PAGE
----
A Digital (R)Evolution

Charles Jameson examines neuroscience’s role in solving the most difficult computational problems IN MAY 1997, IBM’s computer program ‘Deep Blue’ infamously defeated chess world champion Garry Kasparov in a set of six highly anticipated games. In a curious case of repeated history, DeepMind’s program ‘AlphaGo’ did the same for the ancient Chinese board game of ‘Go’ 19 years later, beating 18-time world champion Lee Sedol 4–1 in March 2016. While

Open For Everyone

Haydn King describes the open-source software movement and two of its most striking characters “I’m doing a free operating system (just a hobby, won’t be big and professional)…” announced a young Finnish PhD student to an internet message board on the 25th of August 1991. In the two decades since Linus Torvalds made this announcement, what started as a small and amateur operating system has revolutionised the IT world. Linux,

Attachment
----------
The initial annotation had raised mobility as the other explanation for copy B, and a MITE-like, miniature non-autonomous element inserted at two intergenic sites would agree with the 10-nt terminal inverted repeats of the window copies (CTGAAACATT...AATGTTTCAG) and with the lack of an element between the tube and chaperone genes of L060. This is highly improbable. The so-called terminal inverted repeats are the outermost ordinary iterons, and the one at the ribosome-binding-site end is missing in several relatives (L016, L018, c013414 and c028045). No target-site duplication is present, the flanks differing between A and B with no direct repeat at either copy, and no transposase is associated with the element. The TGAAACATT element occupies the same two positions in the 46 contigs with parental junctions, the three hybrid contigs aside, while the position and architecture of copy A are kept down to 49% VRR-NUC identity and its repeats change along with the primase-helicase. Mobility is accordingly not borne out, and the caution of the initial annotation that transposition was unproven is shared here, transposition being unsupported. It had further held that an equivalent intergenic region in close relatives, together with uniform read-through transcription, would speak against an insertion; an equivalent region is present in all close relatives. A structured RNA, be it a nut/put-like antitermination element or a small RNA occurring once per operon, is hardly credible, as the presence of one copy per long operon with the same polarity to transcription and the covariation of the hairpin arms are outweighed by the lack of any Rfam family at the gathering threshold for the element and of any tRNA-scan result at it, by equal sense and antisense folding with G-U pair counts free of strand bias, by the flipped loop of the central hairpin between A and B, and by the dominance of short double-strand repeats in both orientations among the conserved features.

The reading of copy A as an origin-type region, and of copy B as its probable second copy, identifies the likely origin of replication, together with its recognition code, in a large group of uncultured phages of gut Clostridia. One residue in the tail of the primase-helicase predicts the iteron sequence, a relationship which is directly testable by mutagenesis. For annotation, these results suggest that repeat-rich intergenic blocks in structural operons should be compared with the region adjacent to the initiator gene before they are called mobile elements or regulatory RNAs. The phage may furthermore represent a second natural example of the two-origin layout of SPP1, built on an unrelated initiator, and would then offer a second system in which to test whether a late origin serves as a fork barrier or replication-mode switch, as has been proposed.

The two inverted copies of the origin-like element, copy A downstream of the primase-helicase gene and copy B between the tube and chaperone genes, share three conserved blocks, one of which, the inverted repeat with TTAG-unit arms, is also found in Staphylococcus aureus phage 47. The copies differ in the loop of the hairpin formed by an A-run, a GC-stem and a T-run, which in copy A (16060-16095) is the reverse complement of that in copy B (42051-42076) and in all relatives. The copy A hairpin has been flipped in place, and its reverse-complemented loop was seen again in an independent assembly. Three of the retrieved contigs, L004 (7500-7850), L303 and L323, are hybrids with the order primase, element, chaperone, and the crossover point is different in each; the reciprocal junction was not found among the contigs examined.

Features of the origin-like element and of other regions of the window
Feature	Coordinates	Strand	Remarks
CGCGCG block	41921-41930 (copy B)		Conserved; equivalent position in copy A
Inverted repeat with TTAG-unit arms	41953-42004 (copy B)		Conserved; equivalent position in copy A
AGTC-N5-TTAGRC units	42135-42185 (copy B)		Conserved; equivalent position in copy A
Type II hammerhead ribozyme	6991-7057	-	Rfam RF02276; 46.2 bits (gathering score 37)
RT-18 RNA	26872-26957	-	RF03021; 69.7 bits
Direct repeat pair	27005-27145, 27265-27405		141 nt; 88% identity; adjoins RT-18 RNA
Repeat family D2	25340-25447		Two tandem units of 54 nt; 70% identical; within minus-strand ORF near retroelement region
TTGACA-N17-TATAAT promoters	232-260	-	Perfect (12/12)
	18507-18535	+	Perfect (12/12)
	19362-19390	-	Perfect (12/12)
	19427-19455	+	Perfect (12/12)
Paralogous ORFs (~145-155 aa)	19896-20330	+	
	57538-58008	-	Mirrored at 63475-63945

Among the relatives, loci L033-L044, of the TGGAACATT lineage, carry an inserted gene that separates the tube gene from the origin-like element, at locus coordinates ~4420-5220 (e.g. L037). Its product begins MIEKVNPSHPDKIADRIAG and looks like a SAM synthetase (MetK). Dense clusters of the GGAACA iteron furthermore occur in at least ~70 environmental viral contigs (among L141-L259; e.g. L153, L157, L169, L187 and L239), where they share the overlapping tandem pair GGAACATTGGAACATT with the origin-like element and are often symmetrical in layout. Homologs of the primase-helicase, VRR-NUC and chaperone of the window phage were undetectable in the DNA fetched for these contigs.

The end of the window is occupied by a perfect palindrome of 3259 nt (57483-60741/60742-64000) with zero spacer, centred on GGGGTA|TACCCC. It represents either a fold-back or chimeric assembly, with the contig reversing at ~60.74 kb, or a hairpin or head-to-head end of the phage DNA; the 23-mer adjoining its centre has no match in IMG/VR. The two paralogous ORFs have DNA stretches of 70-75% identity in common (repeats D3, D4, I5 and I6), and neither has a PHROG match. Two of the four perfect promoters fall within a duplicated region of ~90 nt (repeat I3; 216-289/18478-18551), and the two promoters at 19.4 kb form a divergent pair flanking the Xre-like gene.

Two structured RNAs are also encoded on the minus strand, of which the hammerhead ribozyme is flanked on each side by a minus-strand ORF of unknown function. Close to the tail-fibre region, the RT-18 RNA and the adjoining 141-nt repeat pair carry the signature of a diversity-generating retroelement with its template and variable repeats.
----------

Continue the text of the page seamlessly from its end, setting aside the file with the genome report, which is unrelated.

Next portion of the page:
Cracking Codes

Philipp Kleppman deciphers the advance of cryptography throughout the centuries Recently, a dead carrier pigeon with a secret message from World War II was found during renovation of the chimney of a house in Surrey. It is believed that the message was sent from Nazi-occupied Normandy in June 1944. The encrypted message has been sent to the UK Government Communications Headquarters to be deciphered, so far without success. The amount

Decoding Quantum Computing

Simon Watson demystifies the complex world of quantum computing Quantum computers are regularly heralded as the future of computing, harnessing the power of atoms and elementary particles to perform calculations that today’s computers could only dream of. Quite how this remarkable feat is achieved is either complicated with jargon such as ‘qubits’, ‘superposition’ and ‘entanglement’ with no further description, or dismissed as too complicated for a layman. This article aims to explain how